Biophilia designs are likely to be more expensive compared to conventional designs due to the addition of natural effects that may require regular maintenance. But, the perceived sustainability, health, and environmental benefits, in the long run, will negate the high cost of maintenance. Peter Newman in his research discovered that by adopting biophilic design and landscaping, cities such as New York can save about $470 million as a result of increased human productivity and about $1.7 billion due to reduced crime rate. It has also been discovered that properties with biophilic design have high selling prices of about 16% to 20% more than conventional building designs.
A study by Kaitlyn Gillis and Birgitta Gatersleben has discovered that the application of biophilic designs such as the inclusion of plants in interior built environments increases pain tolerance and reduces stress, and likewise incorporating views of nature and the use of water elements in built spaces improves mental health and such views are also mentally restorative for occupants. Peter Newman and Jana Soderlund in their research on the effects of biophilic design in hospital settings on patients, found that the increase in vista quality in hospital rooms reduces pain and depression in patients, which in turn shortened their stay in the hospital from 3.67 days to 2.6 days. It has also been discovered that children growing up in green environments are less susceptible to asthma and decreased mortality rates.
Sustainability and Resilience
On a city or urban scale, Timothy Beatley argued that biophilic design will allow cities to better adapt to stresses due to changes in climate and local environments. In his description, he generated a biophilic cities framework, which can be adopted to increase the sustainability and resilience of cities. This framework includes three sections: Biophilic Urbanism – the physical biophilic design and natural green effect measures that can be taken to increase the resilience of the city, Adaptive Capacity – how the community’s behaviors will adapt as a result of these physical changes, and Resilient Outcomes – what could be the outcome if both of these steps are achieved.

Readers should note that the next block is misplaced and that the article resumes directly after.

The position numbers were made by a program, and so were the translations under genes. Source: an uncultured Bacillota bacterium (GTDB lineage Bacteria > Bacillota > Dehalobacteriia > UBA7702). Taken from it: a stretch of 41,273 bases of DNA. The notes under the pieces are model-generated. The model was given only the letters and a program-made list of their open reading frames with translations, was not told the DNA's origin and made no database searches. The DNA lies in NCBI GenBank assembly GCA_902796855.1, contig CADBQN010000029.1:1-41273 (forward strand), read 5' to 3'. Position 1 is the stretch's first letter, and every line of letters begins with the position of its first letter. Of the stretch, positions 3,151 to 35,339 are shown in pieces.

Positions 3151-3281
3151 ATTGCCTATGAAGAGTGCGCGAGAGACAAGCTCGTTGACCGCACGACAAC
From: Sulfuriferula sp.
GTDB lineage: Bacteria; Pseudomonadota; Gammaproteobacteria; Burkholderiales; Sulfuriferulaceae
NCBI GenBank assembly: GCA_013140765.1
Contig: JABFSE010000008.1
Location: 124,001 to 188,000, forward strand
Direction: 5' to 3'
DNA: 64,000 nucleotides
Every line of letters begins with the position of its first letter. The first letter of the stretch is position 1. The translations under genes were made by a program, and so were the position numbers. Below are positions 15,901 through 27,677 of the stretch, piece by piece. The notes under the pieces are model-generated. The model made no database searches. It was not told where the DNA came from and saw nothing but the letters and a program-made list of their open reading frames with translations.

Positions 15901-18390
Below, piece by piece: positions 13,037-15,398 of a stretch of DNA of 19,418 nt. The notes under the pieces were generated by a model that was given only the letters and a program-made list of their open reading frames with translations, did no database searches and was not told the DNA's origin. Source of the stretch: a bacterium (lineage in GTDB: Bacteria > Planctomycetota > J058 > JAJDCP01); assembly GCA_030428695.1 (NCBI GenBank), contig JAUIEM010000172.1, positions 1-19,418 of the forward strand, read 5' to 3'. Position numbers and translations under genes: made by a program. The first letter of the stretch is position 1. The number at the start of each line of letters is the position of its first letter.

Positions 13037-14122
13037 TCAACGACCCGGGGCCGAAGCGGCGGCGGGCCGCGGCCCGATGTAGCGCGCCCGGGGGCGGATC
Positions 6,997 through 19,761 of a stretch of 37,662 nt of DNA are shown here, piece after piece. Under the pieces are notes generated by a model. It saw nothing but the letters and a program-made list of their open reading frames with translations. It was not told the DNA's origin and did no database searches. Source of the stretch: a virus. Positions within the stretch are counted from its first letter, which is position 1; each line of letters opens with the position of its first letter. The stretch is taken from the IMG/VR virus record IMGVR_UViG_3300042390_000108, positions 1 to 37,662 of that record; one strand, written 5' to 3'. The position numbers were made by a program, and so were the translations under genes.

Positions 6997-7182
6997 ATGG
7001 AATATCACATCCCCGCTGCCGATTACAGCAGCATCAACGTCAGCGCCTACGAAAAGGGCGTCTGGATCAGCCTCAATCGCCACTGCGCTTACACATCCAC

What is a biophilic design concept?
The biophilic design concept is an architectural concept in the building industry aimed at increasing occupant connectivity in a built environment to the natural environment by using space and direct or indirect natural conditions. This concept of design was introduced by E.O. Wilson in 1984 in his book titled Biophilia.
What are the 3 benefits of biophilic design?
The 3 benefits of biophilic designs in the built environment are:
1. Health benefits: The increase in vista quality in hospital rooms reduces pain and depression in patients, which in turn shortened their stay in the hospital.
2. Economy benefits: It has been discovered that properties with biophilic design have high selling prices of about 16% to 20% more than conventional building designs.
3. Environmental benefits: The introduction of greenery in a built environment reduces the heat island effect and carbon emissions, and that also increases biodiversity.
4. Sustainability and resilience: On a city or urban scale, the biophilic design will allow cities to better adapt to stresses due to changes in climate and local environments.
What are the elements of biophilic design?
There are basically 6 elements of biophilic design which include:
1. Natural shapes and forms
2. Environmental features
3. Light and space
4. Natural patterns and processes
5. Evolved Human-Nature Relationships
6. Place-Based Relationships